You have directed television projects (Train 48) as well as film. From a directing point of view, what do you enjoy about each?

A film is a long process of writing and raising money and eventually you get to realize your baby, if you are lucky. After so much time investment, there is a lot of pressure to make it happen and yet so many aspects are out of your control (distribution/funding actors etc). So I love film cause I can instill my vision from beginning to end, but I love television cause you come in after all that has been done. You prep and shoot and spend a short time editing. It is fast and many of the decisions have already been made (casting/ shooting style etc) so I can concentrate on the performances and story telling.

Who are the Canadian actors and directors who have inspired you along the way through your career?

Director Daryl Duke was my mentor for years and his honesty, integrity, and strength of belief was awe-inspiring. He believed in the importance of a diverse Canadian culture and took action to protect it. David Cronenberg has a unique style and sensibility that inspires me. Actors Peter Outerbridge and Sandra Oh are consummate professionals and inspired me to be more prepared and look deeper into character.

What elements do you want to define your own films? If someone sees a Penelope Buitenhuis film, what should they expect?

Realism and believability define my films. I think that is part of my success. Having directed 10 MOW’s, 4 features and a lot of episodic, producers trust I will create stories that audiences will be engrossed in and therefore they sell. I am one of those viewers that is easily distracted by falseness in a film, so I work a lot with writers and actors to get it real. But my films are very different from each other. My documentary Tokyo Girls was very colourful, lyrical and stylish, whereas Trouble, made in Berlin was raw in black and white with a dirty aesthetic. A Wake perhaps combines beauty with rawness.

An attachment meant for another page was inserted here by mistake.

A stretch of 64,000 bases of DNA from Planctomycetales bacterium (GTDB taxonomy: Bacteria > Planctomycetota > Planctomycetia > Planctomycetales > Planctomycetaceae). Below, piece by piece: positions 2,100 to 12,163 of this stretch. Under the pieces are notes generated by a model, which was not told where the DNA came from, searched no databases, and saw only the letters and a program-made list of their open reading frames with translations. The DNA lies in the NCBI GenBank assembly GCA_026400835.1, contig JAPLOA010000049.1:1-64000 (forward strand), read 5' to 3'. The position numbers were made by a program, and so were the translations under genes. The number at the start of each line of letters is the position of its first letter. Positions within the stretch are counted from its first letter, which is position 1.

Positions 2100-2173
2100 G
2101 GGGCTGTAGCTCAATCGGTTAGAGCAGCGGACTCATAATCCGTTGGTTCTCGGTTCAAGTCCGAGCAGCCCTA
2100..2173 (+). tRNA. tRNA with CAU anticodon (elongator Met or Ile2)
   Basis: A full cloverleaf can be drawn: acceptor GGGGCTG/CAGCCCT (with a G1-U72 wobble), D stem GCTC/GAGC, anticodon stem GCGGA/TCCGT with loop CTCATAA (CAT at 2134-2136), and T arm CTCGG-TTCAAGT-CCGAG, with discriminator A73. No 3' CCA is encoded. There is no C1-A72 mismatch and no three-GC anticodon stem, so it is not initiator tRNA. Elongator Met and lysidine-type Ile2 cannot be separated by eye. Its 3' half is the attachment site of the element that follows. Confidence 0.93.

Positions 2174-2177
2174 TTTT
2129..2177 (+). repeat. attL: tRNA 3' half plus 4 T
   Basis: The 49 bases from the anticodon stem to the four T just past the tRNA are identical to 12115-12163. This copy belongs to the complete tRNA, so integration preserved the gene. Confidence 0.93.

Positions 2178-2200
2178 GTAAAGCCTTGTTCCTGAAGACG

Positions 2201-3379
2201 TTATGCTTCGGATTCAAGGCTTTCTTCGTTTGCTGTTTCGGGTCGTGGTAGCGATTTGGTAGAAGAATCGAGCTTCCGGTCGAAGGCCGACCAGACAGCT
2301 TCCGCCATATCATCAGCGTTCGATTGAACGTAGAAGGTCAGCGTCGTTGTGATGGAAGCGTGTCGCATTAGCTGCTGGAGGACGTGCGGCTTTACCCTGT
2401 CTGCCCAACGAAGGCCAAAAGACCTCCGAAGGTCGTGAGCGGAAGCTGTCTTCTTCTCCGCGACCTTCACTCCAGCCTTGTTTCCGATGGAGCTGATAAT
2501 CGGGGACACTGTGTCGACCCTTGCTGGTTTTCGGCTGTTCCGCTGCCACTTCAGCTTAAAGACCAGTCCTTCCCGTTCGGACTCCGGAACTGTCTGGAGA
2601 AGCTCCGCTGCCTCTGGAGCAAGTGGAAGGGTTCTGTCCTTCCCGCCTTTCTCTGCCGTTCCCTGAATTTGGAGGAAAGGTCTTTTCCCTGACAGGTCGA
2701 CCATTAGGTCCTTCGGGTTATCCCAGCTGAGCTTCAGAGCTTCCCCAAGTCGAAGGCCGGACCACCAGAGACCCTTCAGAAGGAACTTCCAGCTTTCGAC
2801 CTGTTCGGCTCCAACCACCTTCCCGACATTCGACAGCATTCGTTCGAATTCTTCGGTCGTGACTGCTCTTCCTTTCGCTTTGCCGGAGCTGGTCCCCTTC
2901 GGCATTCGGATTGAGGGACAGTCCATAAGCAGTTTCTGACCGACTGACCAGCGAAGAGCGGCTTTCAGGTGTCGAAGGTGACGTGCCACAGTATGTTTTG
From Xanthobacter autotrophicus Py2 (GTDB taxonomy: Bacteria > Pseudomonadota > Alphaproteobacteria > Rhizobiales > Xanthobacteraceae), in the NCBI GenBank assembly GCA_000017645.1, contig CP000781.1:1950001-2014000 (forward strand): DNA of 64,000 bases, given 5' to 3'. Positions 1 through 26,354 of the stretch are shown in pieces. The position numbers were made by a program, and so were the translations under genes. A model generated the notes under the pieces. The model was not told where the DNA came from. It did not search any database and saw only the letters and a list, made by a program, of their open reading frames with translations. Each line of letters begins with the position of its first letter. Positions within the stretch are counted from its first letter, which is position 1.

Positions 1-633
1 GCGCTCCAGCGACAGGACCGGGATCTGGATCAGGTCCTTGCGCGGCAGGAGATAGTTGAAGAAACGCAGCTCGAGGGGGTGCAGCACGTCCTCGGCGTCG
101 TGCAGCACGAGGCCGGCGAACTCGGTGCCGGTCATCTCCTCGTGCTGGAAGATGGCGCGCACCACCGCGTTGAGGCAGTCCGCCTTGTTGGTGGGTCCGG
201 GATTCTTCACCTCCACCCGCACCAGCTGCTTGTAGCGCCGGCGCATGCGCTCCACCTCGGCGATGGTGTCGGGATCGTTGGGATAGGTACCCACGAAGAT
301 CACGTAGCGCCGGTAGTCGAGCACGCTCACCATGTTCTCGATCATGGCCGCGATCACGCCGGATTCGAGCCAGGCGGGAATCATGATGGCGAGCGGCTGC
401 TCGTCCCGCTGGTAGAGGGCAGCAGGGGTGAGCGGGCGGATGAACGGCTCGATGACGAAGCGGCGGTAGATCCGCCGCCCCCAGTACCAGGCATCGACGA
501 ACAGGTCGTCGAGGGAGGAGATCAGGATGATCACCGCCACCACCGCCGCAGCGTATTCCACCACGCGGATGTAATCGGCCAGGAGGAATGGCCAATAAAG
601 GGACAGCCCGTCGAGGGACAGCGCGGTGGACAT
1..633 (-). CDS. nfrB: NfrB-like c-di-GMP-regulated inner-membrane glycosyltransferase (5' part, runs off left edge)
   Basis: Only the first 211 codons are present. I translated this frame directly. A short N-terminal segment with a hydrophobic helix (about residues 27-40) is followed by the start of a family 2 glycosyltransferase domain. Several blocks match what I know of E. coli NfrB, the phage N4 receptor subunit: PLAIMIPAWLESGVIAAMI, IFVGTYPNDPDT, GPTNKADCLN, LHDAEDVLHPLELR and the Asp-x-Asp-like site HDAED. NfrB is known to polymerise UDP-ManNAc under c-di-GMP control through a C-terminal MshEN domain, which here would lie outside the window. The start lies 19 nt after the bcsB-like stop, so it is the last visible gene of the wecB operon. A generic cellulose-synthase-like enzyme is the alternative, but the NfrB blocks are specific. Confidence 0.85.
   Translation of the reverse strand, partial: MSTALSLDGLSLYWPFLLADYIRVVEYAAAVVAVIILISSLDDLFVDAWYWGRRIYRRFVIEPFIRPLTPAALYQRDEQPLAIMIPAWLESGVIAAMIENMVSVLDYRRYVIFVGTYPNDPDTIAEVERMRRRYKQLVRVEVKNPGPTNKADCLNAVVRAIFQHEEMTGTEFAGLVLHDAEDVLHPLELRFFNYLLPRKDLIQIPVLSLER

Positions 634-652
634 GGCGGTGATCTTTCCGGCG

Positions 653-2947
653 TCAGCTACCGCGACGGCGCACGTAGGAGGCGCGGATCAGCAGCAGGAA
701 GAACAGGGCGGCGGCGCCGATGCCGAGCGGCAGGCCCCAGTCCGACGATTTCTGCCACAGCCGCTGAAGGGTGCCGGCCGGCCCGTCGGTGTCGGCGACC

Are there any books that have helped you in your filmmaking career so far?

How to Write a Movie in 21 Days by Viki King, Joseph Campbell’s The Hero’s Journey, My Last Sigh by Luis Bunuel and Writing Down the Bones by Natalie Goldberg

What advice would you offer to aspiring filmmakers who want to enter the Canadian film industry?

Get out now if you don’t have real tenacity. I made 10 shorts before I ever applied for funding. One has to develop directing and story-telling skills before being expected to get paid. Be willing to make films for nothing for a while and make sure it stays fun or it can become really stressful and bad for your health!!!

What can you tell us about other upcoming projects of yours?

I am working with Vancouver writer/producer Lisa Purves on a film targeted at older audiences called Pride No More to star Gabrielle Rose. It is a sweet story about a woman who suffers a stroke and with the help of a young caregiver overcomes bitterness to embrace life again. We are raising financing right now. I am also writing a black comedy called Punk Never Dies about an 80’s punk preserved in beer who comes back today to discover the revolution never happened and he has a daughter his own age.

A Wake opens at Fifth Avenue Cinemas in Vancouver on April 29th.